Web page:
(Brooke’s generosity Blog)
May 19, 2019

Just saying the word “institution” makes me want to yawn. Many people today, are suspicious of institutions. Certainly, trust in institutions is much lower now.

Declining trust in government has spread across almost all advanced industrial democracies since the 1960s/1970s,” writes political scientist Russell Dalton. “Regardless of political history, electoral system, or style of government, most contemporary publics are less trustful of government than they were in the era of their grandparents.”

We haven’t simply changed our attitudes. We’ve voted with our feet, walking away from the institutions we supported for generations.

For instance, historian Martin Marty describes a “seismic shift” in religion. “The churches now called mainline Protestant used to grow with every census or survey,” Marty wrote. And then the pews started to empty. Since 1968 the decline in church affiliation has been reduced by more than 60% while the general population increased.

This is the new reality. Wendell Berry once asked an incisive question: “What are people for?” Berry posed this question to make the point that the shifts from country to city that were redefining the demographics of America (and of the world) were not an obvious advance in the human condition.

It is only a small step from Berry’s question to this one: “What are institutions for?”

We live almost entirely within institutions of one sort or another. Marriage and family are institutions. Today these are defined in a more inclusive way than in the past.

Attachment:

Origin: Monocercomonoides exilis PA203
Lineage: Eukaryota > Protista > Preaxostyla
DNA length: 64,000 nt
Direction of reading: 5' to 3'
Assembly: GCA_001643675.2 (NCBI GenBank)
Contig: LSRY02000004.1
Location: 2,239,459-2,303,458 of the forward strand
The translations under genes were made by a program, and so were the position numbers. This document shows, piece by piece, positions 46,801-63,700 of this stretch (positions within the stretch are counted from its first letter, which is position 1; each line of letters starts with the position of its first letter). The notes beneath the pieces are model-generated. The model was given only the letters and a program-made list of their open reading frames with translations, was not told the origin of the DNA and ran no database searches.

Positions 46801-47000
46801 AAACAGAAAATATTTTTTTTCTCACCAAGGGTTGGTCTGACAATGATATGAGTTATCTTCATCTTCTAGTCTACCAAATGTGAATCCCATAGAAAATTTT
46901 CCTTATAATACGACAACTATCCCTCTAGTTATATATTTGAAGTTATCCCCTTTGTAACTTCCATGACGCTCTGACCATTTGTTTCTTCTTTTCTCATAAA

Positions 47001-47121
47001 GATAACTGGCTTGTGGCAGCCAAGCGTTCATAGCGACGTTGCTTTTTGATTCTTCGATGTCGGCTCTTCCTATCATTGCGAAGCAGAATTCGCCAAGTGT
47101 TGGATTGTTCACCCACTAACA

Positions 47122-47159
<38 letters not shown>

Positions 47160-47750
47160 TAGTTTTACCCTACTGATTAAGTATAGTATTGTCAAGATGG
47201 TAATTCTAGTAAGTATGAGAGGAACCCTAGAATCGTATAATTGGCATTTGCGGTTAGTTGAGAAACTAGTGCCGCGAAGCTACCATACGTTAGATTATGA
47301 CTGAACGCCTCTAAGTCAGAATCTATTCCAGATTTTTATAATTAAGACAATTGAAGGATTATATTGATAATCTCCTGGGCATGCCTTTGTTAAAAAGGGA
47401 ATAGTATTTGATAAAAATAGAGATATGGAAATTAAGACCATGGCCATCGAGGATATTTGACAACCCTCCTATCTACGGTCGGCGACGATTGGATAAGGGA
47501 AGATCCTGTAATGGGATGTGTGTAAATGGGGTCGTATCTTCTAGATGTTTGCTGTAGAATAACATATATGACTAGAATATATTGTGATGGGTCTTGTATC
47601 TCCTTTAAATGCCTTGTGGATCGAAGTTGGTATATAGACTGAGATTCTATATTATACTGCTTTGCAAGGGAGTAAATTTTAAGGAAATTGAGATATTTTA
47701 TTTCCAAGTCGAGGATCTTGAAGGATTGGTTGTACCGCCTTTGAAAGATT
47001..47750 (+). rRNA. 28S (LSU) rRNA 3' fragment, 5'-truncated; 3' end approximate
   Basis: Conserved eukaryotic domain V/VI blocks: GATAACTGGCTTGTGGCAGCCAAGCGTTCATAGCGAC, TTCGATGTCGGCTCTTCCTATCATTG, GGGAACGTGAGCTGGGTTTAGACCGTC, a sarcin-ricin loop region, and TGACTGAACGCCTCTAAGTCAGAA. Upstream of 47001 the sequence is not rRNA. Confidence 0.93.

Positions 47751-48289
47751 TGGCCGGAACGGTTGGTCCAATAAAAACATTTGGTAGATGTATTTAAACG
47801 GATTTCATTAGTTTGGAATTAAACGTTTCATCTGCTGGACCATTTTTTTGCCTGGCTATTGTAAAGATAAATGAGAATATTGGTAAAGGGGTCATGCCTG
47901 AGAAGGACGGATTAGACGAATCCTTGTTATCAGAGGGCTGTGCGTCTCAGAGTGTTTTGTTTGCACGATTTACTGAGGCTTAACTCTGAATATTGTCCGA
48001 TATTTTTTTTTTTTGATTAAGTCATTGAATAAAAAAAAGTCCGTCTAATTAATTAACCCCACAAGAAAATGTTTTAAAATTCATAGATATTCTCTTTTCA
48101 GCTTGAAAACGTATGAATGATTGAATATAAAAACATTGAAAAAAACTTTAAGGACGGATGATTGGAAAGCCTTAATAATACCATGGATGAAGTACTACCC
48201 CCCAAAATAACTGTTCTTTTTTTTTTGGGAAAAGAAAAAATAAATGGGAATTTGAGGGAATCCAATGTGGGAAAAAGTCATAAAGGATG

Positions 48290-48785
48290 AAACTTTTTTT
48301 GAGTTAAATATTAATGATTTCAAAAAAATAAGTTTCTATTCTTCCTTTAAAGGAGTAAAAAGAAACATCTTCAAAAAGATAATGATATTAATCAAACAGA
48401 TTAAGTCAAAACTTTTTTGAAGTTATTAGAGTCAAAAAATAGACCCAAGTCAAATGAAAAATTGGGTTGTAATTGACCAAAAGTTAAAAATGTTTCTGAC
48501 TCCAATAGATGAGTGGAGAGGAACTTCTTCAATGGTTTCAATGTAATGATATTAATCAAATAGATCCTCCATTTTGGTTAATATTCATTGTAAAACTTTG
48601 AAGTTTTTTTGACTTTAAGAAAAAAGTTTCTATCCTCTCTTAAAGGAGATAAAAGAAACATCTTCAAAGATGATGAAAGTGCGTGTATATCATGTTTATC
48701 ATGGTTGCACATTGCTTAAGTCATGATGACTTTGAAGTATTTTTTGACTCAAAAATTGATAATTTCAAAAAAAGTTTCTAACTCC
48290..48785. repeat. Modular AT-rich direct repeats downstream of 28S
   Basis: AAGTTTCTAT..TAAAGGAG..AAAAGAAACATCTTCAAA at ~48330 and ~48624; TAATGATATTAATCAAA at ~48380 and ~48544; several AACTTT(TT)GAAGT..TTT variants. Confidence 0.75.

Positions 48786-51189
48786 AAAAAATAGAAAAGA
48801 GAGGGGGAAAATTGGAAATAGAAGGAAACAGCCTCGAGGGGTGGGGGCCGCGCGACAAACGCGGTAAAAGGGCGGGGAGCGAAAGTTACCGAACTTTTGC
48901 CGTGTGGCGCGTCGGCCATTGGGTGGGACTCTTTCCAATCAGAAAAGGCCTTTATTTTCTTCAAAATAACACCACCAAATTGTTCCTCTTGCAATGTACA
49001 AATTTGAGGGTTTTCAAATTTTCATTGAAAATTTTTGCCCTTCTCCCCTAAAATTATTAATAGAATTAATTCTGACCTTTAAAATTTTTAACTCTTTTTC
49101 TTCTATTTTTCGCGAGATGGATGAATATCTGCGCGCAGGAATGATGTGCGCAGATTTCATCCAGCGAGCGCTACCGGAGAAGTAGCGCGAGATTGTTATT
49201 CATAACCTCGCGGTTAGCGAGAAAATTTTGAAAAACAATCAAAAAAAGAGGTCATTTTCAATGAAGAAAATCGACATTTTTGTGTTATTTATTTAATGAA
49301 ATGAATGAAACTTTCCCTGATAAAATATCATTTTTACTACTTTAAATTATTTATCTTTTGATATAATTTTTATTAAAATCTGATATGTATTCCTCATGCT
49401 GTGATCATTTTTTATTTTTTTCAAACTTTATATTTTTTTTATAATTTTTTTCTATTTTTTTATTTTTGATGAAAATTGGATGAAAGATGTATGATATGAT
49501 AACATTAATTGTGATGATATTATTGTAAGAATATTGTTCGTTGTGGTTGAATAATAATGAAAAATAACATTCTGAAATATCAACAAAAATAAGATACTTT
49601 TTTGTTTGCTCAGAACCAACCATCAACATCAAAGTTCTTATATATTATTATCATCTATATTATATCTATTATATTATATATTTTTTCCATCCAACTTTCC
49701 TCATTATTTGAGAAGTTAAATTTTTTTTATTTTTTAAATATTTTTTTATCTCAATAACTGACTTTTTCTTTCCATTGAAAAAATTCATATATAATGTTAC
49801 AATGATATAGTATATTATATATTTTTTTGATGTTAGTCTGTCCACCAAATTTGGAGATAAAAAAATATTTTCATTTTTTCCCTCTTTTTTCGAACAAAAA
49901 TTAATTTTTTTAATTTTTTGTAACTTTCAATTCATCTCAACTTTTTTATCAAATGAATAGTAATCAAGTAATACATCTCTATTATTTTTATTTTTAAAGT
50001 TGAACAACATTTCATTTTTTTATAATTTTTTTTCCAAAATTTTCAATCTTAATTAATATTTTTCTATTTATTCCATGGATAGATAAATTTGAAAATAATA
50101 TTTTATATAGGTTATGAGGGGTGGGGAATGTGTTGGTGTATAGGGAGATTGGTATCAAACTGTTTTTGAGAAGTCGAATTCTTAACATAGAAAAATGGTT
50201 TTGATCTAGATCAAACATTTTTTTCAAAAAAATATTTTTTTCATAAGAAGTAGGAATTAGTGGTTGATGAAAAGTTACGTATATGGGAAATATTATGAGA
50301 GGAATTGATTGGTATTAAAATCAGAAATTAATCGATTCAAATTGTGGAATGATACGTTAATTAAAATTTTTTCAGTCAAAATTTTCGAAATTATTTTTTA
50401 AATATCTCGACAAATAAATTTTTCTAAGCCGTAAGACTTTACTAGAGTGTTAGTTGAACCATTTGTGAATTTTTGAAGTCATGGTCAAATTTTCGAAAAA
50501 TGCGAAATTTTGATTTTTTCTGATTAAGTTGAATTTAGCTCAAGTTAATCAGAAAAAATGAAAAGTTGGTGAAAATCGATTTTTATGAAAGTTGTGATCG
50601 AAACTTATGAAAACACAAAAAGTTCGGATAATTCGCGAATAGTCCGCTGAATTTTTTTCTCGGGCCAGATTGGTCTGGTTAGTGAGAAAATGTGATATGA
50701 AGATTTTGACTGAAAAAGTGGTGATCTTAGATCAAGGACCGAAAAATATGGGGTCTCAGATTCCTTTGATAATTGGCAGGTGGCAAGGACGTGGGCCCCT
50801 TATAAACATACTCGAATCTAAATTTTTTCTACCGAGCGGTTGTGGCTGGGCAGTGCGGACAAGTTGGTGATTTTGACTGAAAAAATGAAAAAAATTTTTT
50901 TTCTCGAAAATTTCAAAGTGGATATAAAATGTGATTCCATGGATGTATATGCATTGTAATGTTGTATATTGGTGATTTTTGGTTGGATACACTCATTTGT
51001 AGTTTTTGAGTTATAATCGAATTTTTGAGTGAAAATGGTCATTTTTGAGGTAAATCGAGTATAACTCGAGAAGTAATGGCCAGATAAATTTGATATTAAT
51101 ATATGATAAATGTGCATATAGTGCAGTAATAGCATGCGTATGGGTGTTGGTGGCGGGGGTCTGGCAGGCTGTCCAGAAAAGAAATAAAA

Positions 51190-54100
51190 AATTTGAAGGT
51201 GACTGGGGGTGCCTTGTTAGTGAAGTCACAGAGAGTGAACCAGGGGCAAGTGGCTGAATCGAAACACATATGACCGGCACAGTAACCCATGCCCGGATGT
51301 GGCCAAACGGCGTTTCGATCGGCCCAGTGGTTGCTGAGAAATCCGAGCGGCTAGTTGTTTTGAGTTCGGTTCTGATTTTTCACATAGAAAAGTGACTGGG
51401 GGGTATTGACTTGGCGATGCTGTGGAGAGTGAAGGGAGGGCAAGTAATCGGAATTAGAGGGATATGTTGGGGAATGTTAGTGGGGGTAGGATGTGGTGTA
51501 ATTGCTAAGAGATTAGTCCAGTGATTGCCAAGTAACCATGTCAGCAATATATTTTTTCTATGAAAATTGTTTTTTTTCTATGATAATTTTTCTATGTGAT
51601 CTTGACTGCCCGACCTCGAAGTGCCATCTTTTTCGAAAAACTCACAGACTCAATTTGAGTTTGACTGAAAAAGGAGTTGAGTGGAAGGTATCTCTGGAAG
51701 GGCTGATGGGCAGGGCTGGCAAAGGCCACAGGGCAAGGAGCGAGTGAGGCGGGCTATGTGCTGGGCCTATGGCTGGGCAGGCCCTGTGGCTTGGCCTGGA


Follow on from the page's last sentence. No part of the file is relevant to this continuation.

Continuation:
Some institutions make grand claims about themselves. But we rarely pause to ask ourselves about their purpose.

Peter Drucker once defined an institution as “an instrument for the organization of human efforts to a common end.” Drucker came to this definition when reflecting on his time working as a consultant for General Motors during World War II.

The online dictionary, definitions.net defines institution as “the act of starting something for the first time; introducing something new.” Indeed, this dictionary lists “innovation” as a synonym for “institution,” challenging our tendency to equate “institution” with those things already well-established.

Every time we celebrate the Last Supper or Communion, we speak the words of institution. The words that Jesus said when he started this gift to his followers. We are using the term in this sense of innovation. At that table in Jerusalem on the night that his ministry took its decisive turn toward the cross, Jesus was starting something new, and two decades later, so was Paul. Before the church was an institution, it was an innovation.

It is not enough to say that institutions are for organizing human efforts to a common end. They are for the generative creative organization of human efforts. otherwise we have done little more than define a bureaucracy.

At it core, the church, and all institutions, are about relationships. Relationships that are life giving.